by Jonathan Bennett
The sacred mysteries on Earth are reflections, shadows of the ineffable mysteries of the faith, and allow the senses something of a taste of that which cannot truly be perceived by the senses- the incomprehensible is made comprehensible to the limited capacities of man's condition through the rites of the Church. Herein we encounter the commerce of Heaven and Earth, the natural and the supernatural, where, as God was made Man so that man might know God, the faith becomes manifest in tangible forms so we might know the faith.
The liturgy is meant to give a temporal vision of Heaven. How could the sublime and complex rites of the sacred ministers- clothed in sumptuous vestments, bathed in clouds of incense and illuminated by innumerable candles- as they attend to the altar amidst the celestial hosts brought forth in lavish iconography, to the voices of a multitude of choirboys raised in the ancient chants which echo the never-ending praise of the seraphim surrounding the Throne of God, not impose itself in a most magnificent way upon the mind and the senses? Is this not a foretaste-though still inadequate by far- of the Beatific Vision, of eternal contemplation of God?
What a difference then is the state of the liturgy in our own times. Even amongst many traditionalists the liturgy is the subject of much sad neglect. When the priest stomps about the sanctuary in muddy boots, vested in cheap polyester vestments, speeding through the Latin prayers and performing his sacred office in a manner so routine as to strip it of all outward dignity, within a church lacking in any beauty or adornment (or if there is an actual attempt at artwork and ornamentation it is gaudy and banal), the faithful may perhaps be excused for hearing Mass not out of piety but out of obligation, whilst the Divine Offices are relegated to the private prayers of the clergy (meant to sanctify every hour of the day, they are more often than not said all at once, or in two or three sittings at convenient times) and all but ignored by laity.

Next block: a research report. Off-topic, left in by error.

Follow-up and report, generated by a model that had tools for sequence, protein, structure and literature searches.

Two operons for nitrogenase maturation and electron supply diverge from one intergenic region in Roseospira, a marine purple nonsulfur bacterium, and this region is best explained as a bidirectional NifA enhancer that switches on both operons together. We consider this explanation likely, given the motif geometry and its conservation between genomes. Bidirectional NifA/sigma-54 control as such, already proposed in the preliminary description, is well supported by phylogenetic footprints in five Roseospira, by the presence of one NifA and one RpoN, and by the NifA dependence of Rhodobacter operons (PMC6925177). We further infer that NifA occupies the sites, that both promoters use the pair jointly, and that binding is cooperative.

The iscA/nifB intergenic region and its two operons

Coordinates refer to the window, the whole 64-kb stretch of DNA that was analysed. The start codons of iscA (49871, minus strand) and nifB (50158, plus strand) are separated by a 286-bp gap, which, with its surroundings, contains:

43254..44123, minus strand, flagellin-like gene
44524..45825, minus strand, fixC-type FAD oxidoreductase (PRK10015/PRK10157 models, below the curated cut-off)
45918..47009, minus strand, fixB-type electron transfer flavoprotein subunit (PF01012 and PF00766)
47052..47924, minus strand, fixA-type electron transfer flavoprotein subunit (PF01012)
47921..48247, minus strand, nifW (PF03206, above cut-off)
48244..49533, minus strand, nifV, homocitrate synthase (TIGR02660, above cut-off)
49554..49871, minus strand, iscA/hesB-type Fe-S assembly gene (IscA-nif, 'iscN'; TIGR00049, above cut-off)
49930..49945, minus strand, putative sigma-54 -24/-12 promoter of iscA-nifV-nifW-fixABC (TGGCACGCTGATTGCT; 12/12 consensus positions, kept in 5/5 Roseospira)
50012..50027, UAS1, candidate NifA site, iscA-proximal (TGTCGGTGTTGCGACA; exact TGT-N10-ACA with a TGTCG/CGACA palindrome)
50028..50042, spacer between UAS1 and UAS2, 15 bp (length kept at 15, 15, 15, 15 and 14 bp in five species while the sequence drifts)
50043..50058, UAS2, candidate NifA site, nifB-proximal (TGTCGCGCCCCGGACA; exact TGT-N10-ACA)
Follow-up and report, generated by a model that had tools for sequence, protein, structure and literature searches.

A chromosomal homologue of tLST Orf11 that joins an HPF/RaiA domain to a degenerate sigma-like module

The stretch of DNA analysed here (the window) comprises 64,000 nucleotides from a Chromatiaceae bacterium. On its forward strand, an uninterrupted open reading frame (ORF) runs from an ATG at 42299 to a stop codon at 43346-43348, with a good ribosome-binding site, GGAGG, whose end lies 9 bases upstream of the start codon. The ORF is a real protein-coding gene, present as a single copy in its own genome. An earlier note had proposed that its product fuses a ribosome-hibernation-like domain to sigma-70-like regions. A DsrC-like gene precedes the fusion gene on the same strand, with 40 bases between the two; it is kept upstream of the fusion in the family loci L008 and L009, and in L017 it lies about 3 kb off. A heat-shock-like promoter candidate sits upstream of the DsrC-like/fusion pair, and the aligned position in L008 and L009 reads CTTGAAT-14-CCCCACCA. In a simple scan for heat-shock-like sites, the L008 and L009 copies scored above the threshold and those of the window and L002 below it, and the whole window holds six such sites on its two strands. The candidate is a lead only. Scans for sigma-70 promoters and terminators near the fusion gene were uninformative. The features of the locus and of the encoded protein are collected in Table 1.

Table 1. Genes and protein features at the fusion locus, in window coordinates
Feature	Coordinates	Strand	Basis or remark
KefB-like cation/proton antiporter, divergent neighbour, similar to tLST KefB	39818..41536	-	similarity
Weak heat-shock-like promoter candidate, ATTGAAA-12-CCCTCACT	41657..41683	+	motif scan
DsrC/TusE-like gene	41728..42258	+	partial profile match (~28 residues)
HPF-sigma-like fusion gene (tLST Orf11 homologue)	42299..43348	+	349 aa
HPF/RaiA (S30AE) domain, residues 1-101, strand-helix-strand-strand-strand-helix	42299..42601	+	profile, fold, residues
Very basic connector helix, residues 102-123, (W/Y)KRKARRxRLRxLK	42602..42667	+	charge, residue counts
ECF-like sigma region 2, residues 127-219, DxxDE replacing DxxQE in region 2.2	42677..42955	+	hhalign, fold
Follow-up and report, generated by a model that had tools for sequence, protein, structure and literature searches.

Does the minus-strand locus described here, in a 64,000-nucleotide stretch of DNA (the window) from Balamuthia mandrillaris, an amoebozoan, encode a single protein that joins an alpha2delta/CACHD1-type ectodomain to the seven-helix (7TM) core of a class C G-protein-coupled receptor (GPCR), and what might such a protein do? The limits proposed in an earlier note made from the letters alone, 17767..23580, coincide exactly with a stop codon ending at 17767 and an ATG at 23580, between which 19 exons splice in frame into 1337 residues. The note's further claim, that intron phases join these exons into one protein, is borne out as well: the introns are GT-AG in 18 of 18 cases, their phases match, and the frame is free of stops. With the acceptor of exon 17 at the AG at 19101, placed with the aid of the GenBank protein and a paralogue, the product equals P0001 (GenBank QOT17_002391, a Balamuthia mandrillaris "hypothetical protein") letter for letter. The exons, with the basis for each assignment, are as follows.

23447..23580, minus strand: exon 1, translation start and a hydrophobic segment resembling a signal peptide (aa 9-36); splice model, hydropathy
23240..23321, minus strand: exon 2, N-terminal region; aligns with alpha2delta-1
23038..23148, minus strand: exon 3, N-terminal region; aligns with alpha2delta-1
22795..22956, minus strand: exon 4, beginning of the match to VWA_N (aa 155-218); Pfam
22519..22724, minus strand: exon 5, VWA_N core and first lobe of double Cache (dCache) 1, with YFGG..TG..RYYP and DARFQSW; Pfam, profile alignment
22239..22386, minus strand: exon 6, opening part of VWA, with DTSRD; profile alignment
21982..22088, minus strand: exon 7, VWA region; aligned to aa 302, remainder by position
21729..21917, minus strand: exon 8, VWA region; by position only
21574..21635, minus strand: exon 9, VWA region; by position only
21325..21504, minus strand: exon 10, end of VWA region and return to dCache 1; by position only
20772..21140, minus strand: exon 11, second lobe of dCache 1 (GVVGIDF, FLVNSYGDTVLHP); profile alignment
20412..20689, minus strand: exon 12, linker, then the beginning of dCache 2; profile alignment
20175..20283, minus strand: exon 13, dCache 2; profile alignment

This of course is neglect in the extreme and not a general accusation, and in some cases more reflective of local conditions than intent, but serves to illustrate to what extent the liturgical patrimony of the Church may be diminished. In other cases it is most certainly intended (the author himself has heard, on no small number of occasions, diatribes against great solemnity and lavish ceremony, interestingly much akin to similar arguments from the Jansenists of previous centuries) and there are those who would pride themselves on the trappings of a persecuted sect- hurried Low Masses at ungodly hours of the day, in tiny isolated chapels, with plain vestments and vessels- out of choice rather than necessity. It might be well to recall the Curé D' Ars, the most austere of priests for whom the vestments could not be rich enough, nor the sacred vessels ornate enough for the service of the altar.
Perhaps what has suffered most from this liturgical minimalism is the Church's immense treasury of music. Not only is the full repertoire of Gregorian chant neglected- in efforts to maintain congregational singing, an early twentieth century novelty for most of the Latin Church, it is often the most simple chant settings which are employed- but choral and polyphonic compositions are regarded as too complex and time consuming for choirs to manage (in fact many Masses and individual pieces were written for a small number of voices for the very purpose of making them accessible to smaller choirs) while orchestral settings, such as those by Haydn, Mozart and Gounod, are unthinkable. Even organ preludes and interludes (not to mention the full organ Masses of the French tradition) are frowned upon in some locales, reputedly for "distracting" the faithful from prayer. Choirs themselves have long been bereft of their hierarchal structure and laicized (no longer even to be found in the actual 'choir' of the church, but in the loft), and in all but a precious few cases have abandoned the once-proud tradition of boy choristers in favor of women to provide the higher voices.